HAVANA TIMES — Yesterday I was almost happy, although it may seem that pleasing me isn’t something so easy. The titles of my posts are usually more like: “My job is going to kill me” or “My pay isn’t enough.”
I confess that I’ve given up. I’ve stopped looking for the cat with the fifth paw. Writing a happy post is too hard!
If you try to not seem so tiresome and you omit (only for a few minutes) those gratuities of (which can be read as “free”) Cuban health care and education as reasons for happiness, then what’s left for us?
I have no desire to look like I’m exaggerating or saying nothing at all. I’d rather talk about how I experienced a miracle yesterday.
The Cuban peso and the Cuban convertible peso (CUC) simply disappeared. I said goodbye to that horrifying issue of dual currency. For a few hours I didn’t have to think about money. I focused on “points” – specifically, on 23 points.
All the workers from my job piled onto a bus and got off at Tarará, a small seafront community on the eastside of Havana.
We stopped right in front of a store with an impromptu pink paint job (evidently the pink paint was given to the store because the government imported too much) there was a sign that read: “Tienda de estímulo de presencia Tarará” (Tarara Inducement Store).
Such a name for a place, which might have seemed enigmatic to others, didn’t take us by surprise; we’re used to this kind of union/government gibberish.
The translation into a more colloquial language would read “a store with some clothes, shoes and toiletries.”
We were going there as a work incentive, with each of us assigned points to allow us to make purchases of items that were almost impossible to acquire through our wages.
This is, of course, in the interest of our company as well though. In order to work, and work well (meaning to be efficient and productive), we need to buy clothes for the job – right?
Crowded around there under the sun, restless and worried — but happy — we all formed a line at the door where we stood for what seemed several hours.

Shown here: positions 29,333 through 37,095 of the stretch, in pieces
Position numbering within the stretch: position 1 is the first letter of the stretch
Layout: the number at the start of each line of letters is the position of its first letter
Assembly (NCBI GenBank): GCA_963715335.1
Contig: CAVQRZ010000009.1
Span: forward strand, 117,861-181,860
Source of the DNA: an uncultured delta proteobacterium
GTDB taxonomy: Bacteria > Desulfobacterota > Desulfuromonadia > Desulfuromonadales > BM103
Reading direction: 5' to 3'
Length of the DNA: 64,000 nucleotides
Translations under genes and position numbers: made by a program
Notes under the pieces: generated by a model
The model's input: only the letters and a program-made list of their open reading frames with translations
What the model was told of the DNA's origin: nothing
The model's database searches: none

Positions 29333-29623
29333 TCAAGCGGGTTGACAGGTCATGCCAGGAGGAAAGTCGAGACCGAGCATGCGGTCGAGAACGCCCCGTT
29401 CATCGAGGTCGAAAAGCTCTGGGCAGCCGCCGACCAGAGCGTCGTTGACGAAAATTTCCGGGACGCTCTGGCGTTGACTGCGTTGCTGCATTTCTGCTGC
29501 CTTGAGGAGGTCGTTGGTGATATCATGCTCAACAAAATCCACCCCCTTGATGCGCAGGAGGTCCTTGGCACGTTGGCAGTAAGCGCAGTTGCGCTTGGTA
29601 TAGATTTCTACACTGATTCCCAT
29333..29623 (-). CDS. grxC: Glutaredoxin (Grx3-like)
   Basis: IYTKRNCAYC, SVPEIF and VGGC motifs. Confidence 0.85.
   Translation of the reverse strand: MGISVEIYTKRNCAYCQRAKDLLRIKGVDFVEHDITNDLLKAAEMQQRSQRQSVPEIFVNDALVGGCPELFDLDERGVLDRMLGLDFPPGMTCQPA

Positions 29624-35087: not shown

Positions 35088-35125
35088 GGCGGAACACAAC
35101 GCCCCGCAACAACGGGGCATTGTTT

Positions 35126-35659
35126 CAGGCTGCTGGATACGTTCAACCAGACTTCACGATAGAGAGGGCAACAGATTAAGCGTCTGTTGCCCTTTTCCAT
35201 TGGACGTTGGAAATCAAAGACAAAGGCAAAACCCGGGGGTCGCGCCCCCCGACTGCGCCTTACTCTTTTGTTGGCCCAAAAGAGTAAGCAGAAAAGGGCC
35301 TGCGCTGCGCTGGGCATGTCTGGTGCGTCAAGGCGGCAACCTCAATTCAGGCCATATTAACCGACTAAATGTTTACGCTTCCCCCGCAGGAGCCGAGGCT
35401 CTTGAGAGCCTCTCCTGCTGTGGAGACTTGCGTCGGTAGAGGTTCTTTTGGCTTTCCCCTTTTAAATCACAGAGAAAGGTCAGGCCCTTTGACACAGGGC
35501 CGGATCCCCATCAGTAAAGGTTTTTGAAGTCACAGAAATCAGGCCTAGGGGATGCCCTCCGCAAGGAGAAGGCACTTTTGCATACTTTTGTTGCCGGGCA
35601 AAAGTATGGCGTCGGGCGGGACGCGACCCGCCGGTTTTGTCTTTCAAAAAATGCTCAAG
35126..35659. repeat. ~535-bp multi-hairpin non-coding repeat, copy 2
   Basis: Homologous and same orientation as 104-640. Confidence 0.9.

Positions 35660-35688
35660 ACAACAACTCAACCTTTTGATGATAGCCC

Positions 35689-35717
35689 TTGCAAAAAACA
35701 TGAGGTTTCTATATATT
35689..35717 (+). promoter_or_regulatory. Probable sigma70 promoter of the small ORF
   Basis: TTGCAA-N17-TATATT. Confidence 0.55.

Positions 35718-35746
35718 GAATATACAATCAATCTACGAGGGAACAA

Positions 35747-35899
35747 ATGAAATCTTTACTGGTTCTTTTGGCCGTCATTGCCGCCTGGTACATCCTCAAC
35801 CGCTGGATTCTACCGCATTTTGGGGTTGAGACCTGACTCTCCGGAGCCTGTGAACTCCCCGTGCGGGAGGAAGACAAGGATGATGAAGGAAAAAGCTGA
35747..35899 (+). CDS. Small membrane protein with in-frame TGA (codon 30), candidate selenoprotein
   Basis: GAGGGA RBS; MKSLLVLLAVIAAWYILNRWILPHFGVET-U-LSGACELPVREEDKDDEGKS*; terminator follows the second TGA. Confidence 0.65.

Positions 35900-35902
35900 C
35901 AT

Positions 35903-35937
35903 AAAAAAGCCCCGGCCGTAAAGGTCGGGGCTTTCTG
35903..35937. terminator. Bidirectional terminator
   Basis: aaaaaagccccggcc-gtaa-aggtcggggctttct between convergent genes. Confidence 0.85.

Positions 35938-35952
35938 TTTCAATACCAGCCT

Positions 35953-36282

Once inside the store, we rushed around (we had only 15 minutes) trying on clothes in the corners, due to the lack of dressing rooms, making calculations, calculations, calculations… though we were more than happy.
However my 23 points reminded me that my salary isn’t nearly enough to get by, which made me bitter.
I finally decided to get two blouses (9.15 and 8.50 points respectively) and with the remaining points I got a couple bras (2.60 pts.), a bottle of shampoo (1.85), two bars of soap (0.90) and four razors (0.60 pts.).
A pair of shoes alone would have cost me more than 25 points, and most of the fragrances would have gone for over 10 each – nevertheless I ended my buying satisfied and content.
The reason for my joy was simple: I bought products that could otherwise only be purchased in stores where they accept CUCs. Plus, doing the math, I added up the following:
The blouses would have cost 15.50 CUCs and 11.95 CUCs, the bras would have been at least 4, the shampoo was 1.95, each bar of soap was 0.55, and each of the four razors would have put me back 0.45 CUC.
If I had purchased all this at the established price, it would have come to approximately 36.30 CUCs, somewhere around $40 USD.
But since my monthly salary is only 335 pesos (13 CUC, or about $14.50 USD), these purchases would have taken nearly three months of work for them alone.
I was so ecstatic that I almost started jumping up and down screaming “Long live the points! Long live the points!
What if my salary was in points? What if stores sold in points?